Check this out! Amazing capture VIA @maestro320
"Are You Ready For A Splash?"
🔵Maestro's Notes: This incredibly drenching footage was filmed on location at Glacier Bay National Park in Gustavus, Alaska courtesy of Luxury Alaskan Lodge, Glacier Bay Country Inn @glacierbayalaska
A breach or a lunge is a leap out of the water, also known as cresting. The distinction between the two is fairly arbitrary: cetacean researcher Hal Whitehead defines a breach as any leap in which at least 40% of the animal's body clears the water, and a lunge as a leap with less than 40% clearance. Qualitatively, a breach is a genuine jump with an intent to clear the water, whereas a lunge is the result of a fast upward-sloping swim that has caused the whale to clear the surface of the water unintentionally. This latter "lunging" behaviour is often a result of feeding in rorquals. The right, humpback and sperm whales are the most widely observed jumpers. However other baleen whales such as fin, blue, minke, gray and sei whales also breach. Oceanic dolphins, including the orca, are very common breachers and are in fact capable of lifting themselves completely out of the water very easily, although there is little distinction between this and porpoising. Some non-cetacean marine creatures also exhibit breaching behavior, such as several shark species and rays of the genera Manta and Mobula.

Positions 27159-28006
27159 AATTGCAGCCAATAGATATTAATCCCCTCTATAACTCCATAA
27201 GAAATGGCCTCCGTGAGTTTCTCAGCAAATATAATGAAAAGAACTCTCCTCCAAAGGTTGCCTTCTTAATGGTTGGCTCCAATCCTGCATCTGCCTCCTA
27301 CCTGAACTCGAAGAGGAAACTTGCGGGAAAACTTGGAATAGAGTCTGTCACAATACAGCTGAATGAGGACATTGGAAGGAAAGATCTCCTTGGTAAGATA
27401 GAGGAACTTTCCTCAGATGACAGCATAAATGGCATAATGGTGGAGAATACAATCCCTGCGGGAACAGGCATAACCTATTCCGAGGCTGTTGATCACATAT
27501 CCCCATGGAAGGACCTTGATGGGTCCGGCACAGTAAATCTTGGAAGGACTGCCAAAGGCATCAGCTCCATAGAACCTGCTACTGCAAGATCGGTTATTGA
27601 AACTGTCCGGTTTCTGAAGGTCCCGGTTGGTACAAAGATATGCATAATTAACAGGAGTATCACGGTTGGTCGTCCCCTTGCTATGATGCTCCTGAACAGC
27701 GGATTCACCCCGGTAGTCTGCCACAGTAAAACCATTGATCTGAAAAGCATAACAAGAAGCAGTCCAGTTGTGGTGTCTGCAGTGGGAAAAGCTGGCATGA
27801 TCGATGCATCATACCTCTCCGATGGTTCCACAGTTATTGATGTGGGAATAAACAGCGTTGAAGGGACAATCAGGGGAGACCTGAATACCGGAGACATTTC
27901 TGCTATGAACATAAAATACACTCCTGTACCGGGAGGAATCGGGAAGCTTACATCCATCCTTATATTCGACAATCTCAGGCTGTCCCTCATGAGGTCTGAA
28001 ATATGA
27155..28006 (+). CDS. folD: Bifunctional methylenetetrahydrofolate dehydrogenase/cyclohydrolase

Two techniques are used by cetaceans in order to breach. The first method, most common in sperm and humpback whales, is conducted by swimming vertically upwards from depth, and heading straight out of the water. The other more common method is to travel close to the surface and parallel to it, and then jerk upwards at full speed with as few as 3 tail strokes to perform a breach. In all breaches the cetacean clears the water with the majority of its body at an acute angle, such as an average of 30° to the horizontal as recorded in sperm whales. The whale then turns to land on its back or side, and less frequently may not turn but "belly flop" instead. In order to achieve 90% clearance, a humpback needs to leave the water at a speed of eight metres per seconds.